Dr.,What is it? When New Growths Appear on your Skin

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Leading dermatologist Dr. Joshua Fox explains benign skin growths

The skin is the organ most exposed to the outside environment and it provides our first line of defense against a wide range of toxins, bacteria, viruses, foreign bodies, and diseases that could have serious and sometimes lethal impact. The many tumors and rashes that appear over time on different parts of the skin can be traced to more than 200 diseases, most of which are treatable, and most of which are completely benign. But it is the risk of malignancy or another life-threatening disorder, and the want to look beautiful, that makes it important to know when a growth or skin eruption requires medical assessment or can be treated simply.

Skin lesions may appear as pigment changes, such as a patch, as bumps, lumps, moles, warts, as flaky or crusty patches, or manifested in a wide number of other types of abnormalities. Joshua Fox, M.D., founder of Advanced Dermatology, P.C. in New York and on Long Island, and a spokesman for the American Academy of Dermatology and the American Society of Dermatologic Surgery, helps to clarify what we need to know about the changes we see on our skin.

MOLES: Most people are aware of the need to examine moles which appear benignly throughout life, and to check for new changes that occur, particularly in parts of the skin exposed to sunlight. Melanoma is the deadliest form of skin cancer taking about 41,000 lives worldwide, although it is far less common than the other skin carcinomas. The incidence of melanoma continues to grow at alarming rates among light-skinned people. According to the American Cancer Society, 60,000 people in the United States developed melanoma in 2007, and more than 8,000 died of the disease. The most suspicious moles are either congenital nevi, moles from birth, or dysplastic nevi, usually larger more irregular moles with irregular shape and or/color, which are found in an estimated ten percent of the American population.

WARTS: Warts are very common growths that occur on various parts of the body as a result of the human papilloma virus (HPV). "These are benign growths that affect all skin types and may go away without treatment, although if they persist, many people seek medical help to remove them due to irritation or just the unsightly appearance. The wart or virus also may promote certain skin cancers like some squamous cell carcinomas and cervical cancer," Dr. Fox explains. They can be treated chemically, via cryotherapy, or with lasers, or surgically removed in a dermatologist's office.

KERATOSIS PILARIS: Another type of common skin lesion is keratosis pilaris, in which the cells that normally flake off from the skin's surface instead become trapped and plug hair follicles. They appear as hyperkeratotic, rough raised bumps based in hair follicles which can multiply in an area like the arms, thighs, buttocks, back and occasionally the face. "This is a common occurrence, particularly among teenagers," Dr. Fox says, "and is not cause for serious concern." Moisturizing is the first line of treatment for keratosis pilaris. He also suggests taking long baths and gently rubbing the skin surface with a course washcloth or buff puff. However, in some people this can cause irritation and/or discoloration. If the condition doesn't go away, there are many effective topical treatments available with or without a prescription.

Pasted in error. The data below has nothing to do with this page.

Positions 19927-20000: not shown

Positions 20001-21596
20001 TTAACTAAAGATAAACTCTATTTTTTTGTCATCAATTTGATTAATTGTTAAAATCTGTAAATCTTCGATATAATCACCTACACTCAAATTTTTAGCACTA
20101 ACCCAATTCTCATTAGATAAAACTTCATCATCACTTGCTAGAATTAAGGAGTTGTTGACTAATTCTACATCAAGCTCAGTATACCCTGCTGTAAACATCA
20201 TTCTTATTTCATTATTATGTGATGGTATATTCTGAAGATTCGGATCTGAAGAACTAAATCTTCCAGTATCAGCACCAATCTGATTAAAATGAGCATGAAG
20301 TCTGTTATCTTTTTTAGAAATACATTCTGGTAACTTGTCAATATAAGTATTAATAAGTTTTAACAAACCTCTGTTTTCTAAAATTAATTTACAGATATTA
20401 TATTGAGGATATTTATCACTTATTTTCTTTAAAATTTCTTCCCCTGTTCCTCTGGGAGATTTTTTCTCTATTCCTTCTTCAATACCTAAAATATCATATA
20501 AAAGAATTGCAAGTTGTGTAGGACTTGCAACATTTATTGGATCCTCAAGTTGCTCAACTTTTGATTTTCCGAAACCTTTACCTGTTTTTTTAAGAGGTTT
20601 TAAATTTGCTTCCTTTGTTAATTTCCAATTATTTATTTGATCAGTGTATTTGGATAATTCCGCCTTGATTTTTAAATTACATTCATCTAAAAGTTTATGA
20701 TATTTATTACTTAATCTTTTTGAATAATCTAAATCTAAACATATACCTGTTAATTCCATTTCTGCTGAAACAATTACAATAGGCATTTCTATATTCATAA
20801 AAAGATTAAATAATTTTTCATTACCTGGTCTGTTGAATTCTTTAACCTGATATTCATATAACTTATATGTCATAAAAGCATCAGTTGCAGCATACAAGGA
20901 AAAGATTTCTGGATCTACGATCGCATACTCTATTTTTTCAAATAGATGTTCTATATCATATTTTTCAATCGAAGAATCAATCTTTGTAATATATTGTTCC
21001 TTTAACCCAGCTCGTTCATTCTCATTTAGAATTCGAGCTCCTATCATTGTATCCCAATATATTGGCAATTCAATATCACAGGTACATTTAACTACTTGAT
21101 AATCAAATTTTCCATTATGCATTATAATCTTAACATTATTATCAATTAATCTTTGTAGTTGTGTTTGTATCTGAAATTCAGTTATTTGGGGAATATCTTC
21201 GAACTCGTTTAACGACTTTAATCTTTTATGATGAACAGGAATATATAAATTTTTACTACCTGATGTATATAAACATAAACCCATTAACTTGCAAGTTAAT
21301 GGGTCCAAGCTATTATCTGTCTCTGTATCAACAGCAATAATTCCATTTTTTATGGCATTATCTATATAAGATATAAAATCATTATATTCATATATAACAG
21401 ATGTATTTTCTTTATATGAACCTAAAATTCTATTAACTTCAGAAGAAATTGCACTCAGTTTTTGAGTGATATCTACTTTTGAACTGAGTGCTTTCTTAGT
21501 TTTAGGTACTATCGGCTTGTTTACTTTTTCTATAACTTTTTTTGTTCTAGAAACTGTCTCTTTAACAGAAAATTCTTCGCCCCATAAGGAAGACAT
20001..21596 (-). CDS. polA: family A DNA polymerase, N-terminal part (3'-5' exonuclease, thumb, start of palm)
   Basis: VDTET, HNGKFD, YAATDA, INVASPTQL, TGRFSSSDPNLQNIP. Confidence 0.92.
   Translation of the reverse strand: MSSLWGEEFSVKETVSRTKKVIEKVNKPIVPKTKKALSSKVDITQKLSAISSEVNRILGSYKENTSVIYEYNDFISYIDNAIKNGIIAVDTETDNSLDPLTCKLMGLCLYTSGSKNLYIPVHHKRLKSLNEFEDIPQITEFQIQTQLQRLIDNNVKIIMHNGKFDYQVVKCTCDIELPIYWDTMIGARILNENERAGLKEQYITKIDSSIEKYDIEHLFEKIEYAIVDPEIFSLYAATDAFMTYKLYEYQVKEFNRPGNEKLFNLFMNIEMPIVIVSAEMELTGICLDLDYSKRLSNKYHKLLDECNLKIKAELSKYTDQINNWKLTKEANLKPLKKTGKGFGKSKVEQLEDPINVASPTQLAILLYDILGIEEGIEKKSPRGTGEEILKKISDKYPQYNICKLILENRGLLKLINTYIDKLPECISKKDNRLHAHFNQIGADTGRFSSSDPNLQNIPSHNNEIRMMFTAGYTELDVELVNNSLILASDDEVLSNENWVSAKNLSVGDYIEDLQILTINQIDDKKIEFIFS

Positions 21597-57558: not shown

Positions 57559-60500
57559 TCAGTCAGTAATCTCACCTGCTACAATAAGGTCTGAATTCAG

Seborrheic keratosis is a growth that appears usually over the age of 40, and can become irritating and itchy. It usually appears as brown keratotic stack on a lesion anywhere on the body. There are no particular topical or at-home treatments for this form. A dermatologist can treat areas with cryosurgery (freezing), dermatologic surgery or lasers to eliminate the discomfort and unsightliness.

SKIN TAGS: Skin tags are an annoying type of growth that about half of all people develop as they age. These are small pieces of hanging flesh that develop in areas that are prone to rubbing against clothing or other skin; or are moist areas such as the upper thighs, under arms, neck, and under women's breasts from underwire bras. Another common site is the eyelid. "Most skin tags are small, but they continue to grow and often become painful or annoying because of their location," according to Dr. Fox, who recommends a visit to dermatologist to have them removed if they are painful, irritating, bleeding, infected or get caught in clothing.

MELANOMA/SKIN CANCER: It is so important to be familiar with the moles on your body and to perform regular self-examinations of your skin. Melanoma often develops in a pre-existing mole that begins to change or in a completely new mole. Melanoma is a serious skin cancer and the mortality rate is remarkably high considering the fact that it is nearly always curable in its early stages; however, this high number can be attributed to the late diagnosis of the disease in which the cancer spreads to other parts of the body. Melanoma most often appears on the trunk of men and the lower legs and arms of women, although it can be found on the head, neck, scalp or elsewhere. Melanoma represents approximately 5% of all skin cancers in the USA, but accounts for about 75 % of all skin cancer deaths. The World Health Organization estimates that as many as 65,161 people a year worldwide die from malignant skin cancer, approximately 48,000 of whom are registered. The American Academy of Dermatology (AAD) estimates that in 2009, about 116,500 new melanoma cases will be diagnosed in the U.S. with 8,420 deaths (~1 death every hour).